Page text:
Palio Di Siena Festival: Horse Races From The Renaissance

Ana B. Remos

The great Tuscan festival defines the character and history of the city of Siena.

The city of Siena in Tuscany is recognized as one of Italy’s most emblematic towns, with a glorious artistic legacy, intricate street layout, medieval towers and astonishing palaces that take us back to the period of maximum splendor of the Italian Renaissance.

Siena´s international fame comes from the famous horse races (dating back to mid-15th century), which take place around the beautiful Piazza del Campo, a circular amphitheater in the heart of the city, perfectly suited for horse racing. The race takes its name after the symbolic prize: the Palio, from the Latin pallium (woolen cloak), an elongated rectangular silk banner hand-painted for the occasion.

The Palio di Sienna is a competition among 10 of the 17 contradas (city districts) that make up the city. It takes the form of a medieval spectacle, a horse race that is held twice a year: on July 2, in honor of the Madonna of Provenzano, and on 16 August, in homage to the Assumption of the Virgin Mary.

Siena becomes a festive, bustling city during the days leading to the Palio. Its streets are beautifully decorated with colorful flags, banners and medieval costumes. The carnival-like atmosphere brings out locals dressed in the colors of their districts, singing, drinking and dancing in the streets. Formal and informal rituals take place in every contrada, showcasing their pride and honor. The energy that surrounds the Palio di Siena is similar to the Super Bowl in the U.S. It awakens passions and rivalries, dutifully expressed in a jovial, playful tone with characteristic Italian charm.

The event’s rituals have not changed in centuries. At dawn on 16 August, city folk come to the Mass of the Fantino (mass of the child Jesus), and later the loud sound of a cannon announces the beginning of the provaccia, the final test that confirms if everything is in place in the Piazza del Campo.

Afterwards horses and jockeys return to their respective districts alongside proud neighbors to ask for good luck at their local churches, where priests bless both rider and horse. Then the jockeys, followed by their entourage, converge in front of the Government Palace at Piazza del Duomo to begin the Corteo Storico, a procession through the center of town, featuring pageboys, knights, princesses and a host of medieval characters carrying badges and banners that represent their districts. For two hours, and to the solemn sound of ceremonial drums, they will re-live the glorious magnificence of Sienna of yore, when it rivaled Florence as the most important city in Tuscany.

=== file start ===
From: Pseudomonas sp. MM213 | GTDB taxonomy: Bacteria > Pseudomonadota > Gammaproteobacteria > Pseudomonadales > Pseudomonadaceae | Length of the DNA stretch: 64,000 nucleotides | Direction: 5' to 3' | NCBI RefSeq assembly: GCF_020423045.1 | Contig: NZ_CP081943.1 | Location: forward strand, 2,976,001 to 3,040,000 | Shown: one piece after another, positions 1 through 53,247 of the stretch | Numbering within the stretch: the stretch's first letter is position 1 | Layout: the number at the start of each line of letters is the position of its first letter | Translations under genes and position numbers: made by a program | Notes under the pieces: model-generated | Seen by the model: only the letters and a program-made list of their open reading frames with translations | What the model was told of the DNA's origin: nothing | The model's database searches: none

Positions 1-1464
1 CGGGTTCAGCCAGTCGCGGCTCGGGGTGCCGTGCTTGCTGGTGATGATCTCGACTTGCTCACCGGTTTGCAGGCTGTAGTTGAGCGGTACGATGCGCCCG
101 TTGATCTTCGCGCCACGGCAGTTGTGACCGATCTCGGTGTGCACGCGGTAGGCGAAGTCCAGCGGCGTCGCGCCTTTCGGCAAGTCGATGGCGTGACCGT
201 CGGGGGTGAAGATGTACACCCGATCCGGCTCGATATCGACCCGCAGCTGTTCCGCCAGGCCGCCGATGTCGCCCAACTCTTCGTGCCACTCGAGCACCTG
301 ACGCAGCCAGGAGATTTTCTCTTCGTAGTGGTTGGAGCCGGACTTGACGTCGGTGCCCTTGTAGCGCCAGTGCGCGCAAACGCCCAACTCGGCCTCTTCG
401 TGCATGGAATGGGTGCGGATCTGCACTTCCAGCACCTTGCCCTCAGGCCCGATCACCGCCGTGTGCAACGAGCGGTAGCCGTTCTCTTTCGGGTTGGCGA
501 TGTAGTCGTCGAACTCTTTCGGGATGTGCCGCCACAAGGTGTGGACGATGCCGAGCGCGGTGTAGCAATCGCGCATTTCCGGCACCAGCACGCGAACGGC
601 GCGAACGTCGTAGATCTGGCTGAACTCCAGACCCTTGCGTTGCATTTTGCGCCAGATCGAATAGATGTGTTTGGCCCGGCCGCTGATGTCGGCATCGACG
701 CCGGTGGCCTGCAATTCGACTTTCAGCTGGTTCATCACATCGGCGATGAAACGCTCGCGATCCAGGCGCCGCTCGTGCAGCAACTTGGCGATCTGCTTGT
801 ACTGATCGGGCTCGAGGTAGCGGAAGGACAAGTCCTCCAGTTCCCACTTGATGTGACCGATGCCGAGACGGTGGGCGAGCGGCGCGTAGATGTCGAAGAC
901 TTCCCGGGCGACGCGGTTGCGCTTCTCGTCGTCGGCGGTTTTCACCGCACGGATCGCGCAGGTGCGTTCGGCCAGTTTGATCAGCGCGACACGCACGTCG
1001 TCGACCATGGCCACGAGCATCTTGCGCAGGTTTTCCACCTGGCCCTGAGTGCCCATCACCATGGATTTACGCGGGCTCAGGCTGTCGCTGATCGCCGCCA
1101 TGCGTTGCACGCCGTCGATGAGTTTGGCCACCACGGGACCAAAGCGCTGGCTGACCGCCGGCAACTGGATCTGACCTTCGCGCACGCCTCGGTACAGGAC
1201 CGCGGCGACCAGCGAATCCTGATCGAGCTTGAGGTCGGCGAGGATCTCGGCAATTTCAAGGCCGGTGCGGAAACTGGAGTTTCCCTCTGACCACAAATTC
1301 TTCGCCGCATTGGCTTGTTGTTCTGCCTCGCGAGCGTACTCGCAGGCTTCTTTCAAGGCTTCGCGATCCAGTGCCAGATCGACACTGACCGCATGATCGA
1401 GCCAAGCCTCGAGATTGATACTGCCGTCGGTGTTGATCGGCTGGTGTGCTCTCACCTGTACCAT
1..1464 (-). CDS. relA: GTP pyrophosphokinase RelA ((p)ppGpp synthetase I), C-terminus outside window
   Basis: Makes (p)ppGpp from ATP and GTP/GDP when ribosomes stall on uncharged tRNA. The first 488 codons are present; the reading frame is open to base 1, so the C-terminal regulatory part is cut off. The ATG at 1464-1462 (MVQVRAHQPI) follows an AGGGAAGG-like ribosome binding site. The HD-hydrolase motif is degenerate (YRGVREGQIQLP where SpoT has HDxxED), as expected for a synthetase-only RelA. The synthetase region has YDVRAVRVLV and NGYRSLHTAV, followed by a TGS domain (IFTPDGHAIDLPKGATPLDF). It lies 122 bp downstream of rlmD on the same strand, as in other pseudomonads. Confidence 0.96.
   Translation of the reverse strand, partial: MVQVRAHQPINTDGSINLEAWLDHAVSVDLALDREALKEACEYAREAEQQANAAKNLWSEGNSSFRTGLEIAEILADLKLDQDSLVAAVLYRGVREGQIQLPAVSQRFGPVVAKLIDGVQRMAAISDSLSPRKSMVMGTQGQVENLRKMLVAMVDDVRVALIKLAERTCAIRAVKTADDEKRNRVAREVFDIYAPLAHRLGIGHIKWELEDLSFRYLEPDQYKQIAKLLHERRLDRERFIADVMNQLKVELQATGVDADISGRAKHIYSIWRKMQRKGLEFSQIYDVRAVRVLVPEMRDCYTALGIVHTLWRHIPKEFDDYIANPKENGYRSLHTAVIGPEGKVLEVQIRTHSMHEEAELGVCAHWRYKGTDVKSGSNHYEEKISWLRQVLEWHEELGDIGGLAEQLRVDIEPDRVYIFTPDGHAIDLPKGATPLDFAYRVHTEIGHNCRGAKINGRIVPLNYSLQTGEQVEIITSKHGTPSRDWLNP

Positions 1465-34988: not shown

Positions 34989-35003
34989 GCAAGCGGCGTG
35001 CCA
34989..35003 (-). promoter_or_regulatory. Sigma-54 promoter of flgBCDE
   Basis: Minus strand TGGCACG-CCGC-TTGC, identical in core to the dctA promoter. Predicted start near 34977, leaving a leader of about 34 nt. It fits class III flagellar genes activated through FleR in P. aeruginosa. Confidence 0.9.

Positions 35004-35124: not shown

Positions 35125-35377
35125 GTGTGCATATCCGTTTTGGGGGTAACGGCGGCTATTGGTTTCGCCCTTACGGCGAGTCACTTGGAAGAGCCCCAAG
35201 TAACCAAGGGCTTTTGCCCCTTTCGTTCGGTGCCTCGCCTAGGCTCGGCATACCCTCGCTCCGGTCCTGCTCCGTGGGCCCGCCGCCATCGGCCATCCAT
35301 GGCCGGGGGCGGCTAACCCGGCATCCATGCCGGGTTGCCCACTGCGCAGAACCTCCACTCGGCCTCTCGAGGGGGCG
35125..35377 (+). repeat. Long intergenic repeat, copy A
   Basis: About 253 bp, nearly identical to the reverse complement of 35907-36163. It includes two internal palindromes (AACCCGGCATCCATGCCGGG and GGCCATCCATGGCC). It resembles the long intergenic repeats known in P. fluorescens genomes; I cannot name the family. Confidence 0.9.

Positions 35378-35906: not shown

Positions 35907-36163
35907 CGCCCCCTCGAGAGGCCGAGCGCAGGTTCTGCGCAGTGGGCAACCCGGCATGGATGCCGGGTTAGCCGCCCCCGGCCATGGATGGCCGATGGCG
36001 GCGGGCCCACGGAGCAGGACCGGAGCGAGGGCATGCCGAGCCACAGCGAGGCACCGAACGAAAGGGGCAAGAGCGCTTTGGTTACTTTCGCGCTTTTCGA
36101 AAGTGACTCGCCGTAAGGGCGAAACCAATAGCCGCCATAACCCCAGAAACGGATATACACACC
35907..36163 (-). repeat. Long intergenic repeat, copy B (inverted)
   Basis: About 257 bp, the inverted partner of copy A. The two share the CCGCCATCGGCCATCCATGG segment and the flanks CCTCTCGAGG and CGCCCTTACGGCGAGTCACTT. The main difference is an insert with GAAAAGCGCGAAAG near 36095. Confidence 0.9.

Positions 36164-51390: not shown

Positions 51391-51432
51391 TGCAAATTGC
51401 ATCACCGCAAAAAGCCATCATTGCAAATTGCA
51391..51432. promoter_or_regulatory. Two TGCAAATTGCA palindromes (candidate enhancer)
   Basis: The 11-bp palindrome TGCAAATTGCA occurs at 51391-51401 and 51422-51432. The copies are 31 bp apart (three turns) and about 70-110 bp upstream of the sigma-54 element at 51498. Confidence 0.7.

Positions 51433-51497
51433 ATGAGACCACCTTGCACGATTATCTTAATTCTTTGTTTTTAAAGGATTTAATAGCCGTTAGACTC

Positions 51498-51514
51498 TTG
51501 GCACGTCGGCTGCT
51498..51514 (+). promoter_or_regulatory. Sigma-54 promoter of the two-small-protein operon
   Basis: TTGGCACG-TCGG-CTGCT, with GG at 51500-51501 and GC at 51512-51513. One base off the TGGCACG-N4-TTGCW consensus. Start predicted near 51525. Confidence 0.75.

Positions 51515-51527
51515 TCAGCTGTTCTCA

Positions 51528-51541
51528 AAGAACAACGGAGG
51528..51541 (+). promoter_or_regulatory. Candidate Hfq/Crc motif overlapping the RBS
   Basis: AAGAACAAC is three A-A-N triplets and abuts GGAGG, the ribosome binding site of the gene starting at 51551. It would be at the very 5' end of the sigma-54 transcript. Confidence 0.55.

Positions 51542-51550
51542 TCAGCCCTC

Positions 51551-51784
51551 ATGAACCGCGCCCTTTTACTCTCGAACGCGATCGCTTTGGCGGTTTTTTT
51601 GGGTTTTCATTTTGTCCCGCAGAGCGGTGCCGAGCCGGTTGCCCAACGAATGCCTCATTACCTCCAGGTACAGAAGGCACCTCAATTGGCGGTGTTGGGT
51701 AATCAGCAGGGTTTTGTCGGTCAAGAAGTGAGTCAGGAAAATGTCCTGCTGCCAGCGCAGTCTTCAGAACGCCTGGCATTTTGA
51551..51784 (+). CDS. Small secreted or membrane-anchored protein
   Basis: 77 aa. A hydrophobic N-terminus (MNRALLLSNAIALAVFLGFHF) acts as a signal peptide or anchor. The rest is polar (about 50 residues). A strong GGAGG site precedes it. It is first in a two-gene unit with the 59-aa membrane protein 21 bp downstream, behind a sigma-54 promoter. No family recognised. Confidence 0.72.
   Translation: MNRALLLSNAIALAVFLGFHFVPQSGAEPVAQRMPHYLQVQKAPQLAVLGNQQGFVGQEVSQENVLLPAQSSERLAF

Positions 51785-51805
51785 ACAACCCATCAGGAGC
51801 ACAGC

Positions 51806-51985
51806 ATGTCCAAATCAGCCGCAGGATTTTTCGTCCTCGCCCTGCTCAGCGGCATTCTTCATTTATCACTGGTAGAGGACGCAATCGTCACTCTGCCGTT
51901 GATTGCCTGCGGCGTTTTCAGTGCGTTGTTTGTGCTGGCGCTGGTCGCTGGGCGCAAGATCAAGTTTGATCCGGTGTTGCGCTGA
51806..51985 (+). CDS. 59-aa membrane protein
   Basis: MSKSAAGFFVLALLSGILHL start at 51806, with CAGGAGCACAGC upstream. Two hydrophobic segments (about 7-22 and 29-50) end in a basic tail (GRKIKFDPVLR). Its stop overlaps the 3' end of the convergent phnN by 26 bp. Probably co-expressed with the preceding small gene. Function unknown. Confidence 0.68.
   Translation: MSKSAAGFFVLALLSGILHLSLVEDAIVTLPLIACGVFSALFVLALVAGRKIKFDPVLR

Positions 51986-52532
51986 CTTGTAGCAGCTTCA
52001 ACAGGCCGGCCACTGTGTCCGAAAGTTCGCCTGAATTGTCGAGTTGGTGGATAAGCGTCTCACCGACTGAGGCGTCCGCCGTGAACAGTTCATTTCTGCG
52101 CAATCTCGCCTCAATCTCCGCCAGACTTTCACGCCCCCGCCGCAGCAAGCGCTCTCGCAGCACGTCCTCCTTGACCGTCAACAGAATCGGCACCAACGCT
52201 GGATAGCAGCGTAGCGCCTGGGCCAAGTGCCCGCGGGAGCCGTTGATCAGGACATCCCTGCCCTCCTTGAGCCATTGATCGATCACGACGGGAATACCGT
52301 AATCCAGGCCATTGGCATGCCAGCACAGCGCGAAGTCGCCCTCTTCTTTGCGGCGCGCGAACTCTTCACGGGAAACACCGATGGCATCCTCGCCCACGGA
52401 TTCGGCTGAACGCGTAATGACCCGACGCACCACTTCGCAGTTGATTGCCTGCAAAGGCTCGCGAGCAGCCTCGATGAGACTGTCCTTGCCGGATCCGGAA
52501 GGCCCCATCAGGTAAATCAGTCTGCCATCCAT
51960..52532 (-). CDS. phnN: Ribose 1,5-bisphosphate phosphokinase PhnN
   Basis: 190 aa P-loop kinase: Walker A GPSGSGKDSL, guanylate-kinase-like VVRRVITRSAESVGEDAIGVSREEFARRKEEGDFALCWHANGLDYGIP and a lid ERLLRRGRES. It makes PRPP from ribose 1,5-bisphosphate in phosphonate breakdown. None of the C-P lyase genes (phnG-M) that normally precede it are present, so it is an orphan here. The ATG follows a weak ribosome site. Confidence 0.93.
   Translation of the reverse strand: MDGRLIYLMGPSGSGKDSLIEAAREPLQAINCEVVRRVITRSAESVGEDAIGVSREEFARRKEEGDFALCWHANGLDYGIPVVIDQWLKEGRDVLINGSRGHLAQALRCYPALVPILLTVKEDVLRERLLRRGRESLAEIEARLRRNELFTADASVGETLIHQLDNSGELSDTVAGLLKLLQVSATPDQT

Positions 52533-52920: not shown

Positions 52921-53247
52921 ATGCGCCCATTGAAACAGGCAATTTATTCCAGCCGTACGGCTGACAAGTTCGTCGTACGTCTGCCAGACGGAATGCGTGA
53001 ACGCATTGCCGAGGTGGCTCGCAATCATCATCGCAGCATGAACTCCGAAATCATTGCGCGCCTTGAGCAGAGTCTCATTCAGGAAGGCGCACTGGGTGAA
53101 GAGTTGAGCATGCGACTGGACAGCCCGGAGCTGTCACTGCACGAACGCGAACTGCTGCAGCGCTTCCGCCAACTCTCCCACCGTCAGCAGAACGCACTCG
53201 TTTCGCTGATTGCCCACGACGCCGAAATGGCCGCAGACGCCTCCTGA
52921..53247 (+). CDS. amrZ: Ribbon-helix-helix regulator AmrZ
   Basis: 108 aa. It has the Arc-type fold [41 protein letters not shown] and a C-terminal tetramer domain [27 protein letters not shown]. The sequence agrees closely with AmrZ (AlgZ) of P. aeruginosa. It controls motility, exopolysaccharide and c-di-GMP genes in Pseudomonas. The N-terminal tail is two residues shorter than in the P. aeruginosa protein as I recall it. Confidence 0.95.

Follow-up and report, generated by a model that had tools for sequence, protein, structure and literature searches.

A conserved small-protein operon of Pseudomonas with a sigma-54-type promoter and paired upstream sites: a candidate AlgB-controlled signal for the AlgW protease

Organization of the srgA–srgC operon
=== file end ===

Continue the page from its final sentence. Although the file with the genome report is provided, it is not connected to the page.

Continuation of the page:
Following the parade, silence takes over Piazza del Campo as spectators anxiously hold their breaths prior to the race. Riders and horses take their place at the starting line, proudly displaying their livery and reinforcing centuries-old rivalries. The entire crowd roars with the sound of the cannon and the race ensues. It will take only 90 seconds to circle the Piazza three times, maneuvering dangerous curves that can result in falls and injuries for both rider and horse. The Curva di San Martino has a particularly bad reputation. It is not unusual to see horses finish the race without their jockeys, who give their all to honor their contrada.

The winning district will celebrate in high style, but not before going to the Church of Provenzano to thank the festival’s patron saint. The enthusiastic revelry lasts all night and everyone is welcome.

We do not recommend staying at the city center during the festivities, given the huge agitation these generate. Much better lodging can be found, for the occasion, on the outskirts of town. One example is the Aia Mattonata Relais Hotel, a fully restored 16th century manor house with 5 well-maintained rooms, where you have private access to whirlpool, Turkish bath or refreshing dips in the swimming pool, set on a Tuscan garden with spectacular views.

The cuisine in Siena is characterized by natural flavors and particular aromas that come from the generous use of garlic and herbs such as fennel and tarragon. A good place to sample delicious Tuscan dishes is Taverna di San Giuseppe, located in via Giovanni Dupré, a traditional spot serving typical dishes such as pici, thick hand rolled pasta; ribollita, vegetables and beans soup served over toasted bread; mixed roasts, pecorino cheese, minestracci (vegetable stew), local mushrooms, and Monticiano wild boar.

And let’s not forget about the great local wines such as the Chianti Colli Senesi, Colli dell’Etruria Centrale, San Gimignano, Brunello of Montalcino and the noble wines of Montepulciano. The Palio di Sienna is a festival that will stay in your heart; and Siena, a place you will want to visit again. Or as Italians say: sarai sempre nel mio cuore (you will always be in my heart).

© | 2019